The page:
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Vol. 2 No. 1 (2022)

Resilience as an investigation of the relationship between architecture and nature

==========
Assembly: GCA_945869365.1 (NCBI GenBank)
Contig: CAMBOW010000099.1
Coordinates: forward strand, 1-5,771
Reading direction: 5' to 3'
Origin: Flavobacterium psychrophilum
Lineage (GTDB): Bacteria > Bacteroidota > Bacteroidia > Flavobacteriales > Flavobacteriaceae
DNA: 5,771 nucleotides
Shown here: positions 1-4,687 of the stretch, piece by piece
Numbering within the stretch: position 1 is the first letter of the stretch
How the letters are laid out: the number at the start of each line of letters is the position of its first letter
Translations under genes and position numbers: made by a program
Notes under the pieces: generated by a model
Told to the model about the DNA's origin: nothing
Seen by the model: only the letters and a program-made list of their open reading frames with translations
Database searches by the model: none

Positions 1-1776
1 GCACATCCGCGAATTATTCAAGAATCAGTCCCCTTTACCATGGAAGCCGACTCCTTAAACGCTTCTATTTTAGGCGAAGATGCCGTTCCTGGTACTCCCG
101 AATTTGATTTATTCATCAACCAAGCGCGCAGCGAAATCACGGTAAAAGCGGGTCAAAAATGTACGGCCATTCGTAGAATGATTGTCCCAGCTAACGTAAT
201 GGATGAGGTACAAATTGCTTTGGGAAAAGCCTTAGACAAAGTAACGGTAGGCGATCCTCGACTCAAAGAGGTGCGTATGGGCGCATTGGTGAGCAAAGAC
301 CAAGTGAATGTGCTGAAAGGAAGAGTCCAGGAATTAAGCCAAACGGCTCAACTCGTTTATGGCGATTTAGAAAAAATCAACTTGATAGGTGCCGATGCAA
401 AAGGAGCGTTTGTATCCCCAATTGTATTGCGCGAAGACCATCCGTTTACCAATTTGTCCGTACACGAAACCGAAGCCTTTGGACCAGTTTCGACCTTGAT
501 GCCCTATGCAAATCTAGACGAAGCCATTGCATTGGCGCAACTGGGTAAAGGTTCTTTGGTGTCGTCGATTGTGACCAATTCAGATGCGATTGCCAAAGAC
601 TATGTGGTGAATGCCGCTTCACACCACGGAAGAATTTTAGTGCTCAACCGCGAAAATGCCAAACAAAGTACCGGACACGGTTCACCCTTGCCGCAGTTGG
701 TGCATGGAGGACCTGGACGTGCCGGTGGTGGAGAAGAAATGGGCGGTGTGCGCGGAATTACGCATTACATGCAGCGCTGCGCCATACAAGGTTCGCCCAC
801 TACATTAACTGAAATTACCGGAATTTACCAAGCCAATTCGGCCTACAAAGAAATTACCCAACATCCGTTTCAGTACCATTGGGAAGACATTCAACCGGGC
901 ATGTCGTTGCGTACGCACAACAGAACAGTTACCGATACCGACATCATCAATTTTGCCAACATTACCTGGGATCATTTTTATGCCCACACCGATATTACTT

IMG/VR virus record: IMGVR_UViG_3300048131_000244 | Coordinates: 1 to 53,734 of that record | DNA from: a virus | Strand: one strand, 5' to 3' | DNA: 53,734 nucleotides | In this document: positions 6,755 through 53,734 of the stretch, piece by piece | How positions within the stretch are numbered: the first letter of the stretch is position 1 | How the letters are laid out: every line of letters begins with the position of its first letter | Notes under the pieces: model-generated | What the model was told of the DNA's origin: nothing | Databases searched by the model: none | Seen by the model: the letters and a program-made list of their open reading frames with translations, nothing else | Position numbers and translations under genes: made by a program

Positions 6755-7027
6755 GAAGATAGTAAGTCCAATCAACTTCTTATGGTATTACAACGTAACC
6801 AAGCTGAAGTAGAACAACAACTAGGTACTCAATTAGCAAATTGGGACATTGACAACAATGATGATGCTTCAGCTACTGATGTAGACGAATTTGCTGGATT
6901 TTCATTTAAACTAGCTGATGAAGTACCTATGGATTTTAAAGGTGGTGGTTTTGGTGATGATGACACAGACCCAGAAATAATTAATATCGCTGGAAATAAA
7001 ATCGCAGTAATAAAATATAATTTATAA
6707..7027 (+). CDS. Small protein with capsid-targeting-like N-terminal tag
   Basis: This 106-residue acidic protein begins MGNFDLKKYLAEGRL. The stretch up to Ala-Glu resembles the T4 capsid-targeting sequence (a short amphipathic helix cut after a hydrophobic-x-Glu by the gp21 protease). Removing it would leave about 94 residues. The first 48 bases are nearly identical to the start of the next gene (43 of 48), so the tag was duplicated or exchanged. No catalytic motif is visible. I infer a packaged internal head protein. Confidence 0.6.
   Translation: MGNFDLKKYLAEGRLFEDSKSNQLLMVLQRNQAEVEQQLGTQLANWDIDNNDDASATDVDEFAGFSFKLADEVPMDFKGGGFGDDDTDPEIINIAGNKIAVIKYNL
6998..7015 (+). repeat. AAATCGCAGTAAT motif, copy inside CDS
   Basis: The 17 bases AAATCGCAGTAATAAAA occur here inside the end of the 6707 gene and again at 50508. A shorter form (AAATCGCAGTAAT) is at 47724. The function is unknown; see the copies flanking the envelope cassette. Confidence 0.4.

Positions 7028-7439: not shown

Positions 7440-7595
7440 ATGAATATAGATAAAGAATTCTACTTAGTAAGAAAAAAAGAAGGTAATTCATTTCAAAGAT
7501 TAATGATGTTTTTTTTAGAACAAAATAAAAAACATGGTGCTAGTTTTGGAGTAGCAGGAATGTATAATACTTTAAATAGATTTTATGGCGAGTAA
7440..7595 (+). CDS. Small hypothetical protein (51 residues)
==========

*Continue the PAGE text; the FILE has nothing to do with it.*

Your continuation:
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Recent research involving the architectural project seems to have brought attention to natural elements and phenomena, highlighting particular interest in the interpretation of the dynamic processes of the environment and of all its entities, plant and natural that inhabit it. In a logic of resilience, which should lead to limiting the consumption of resources, the action of replacing technological devices with natural mechanisms tested throughout natural history appears to be a losing battle right from the start. Yet man, in the past, has shown that he is able to give interpretations of nature that are not limited to a mechanistic replacement of the natural process, but which are based on the representation and reformulation of organisms in relation to matter and space. Space understood as an architectural essence, which from the relationship with nature gives back meaningful forms and experiences. The analysis of a series of case studies starting from the Lascaux caves up to the contemporary reinterpretations by Anton-Garcia Abril and Terunobu Fujimori demonstrate how nature can be an element of inspiration for innovative research in the field of design without necessarily embarking on a drift technological.


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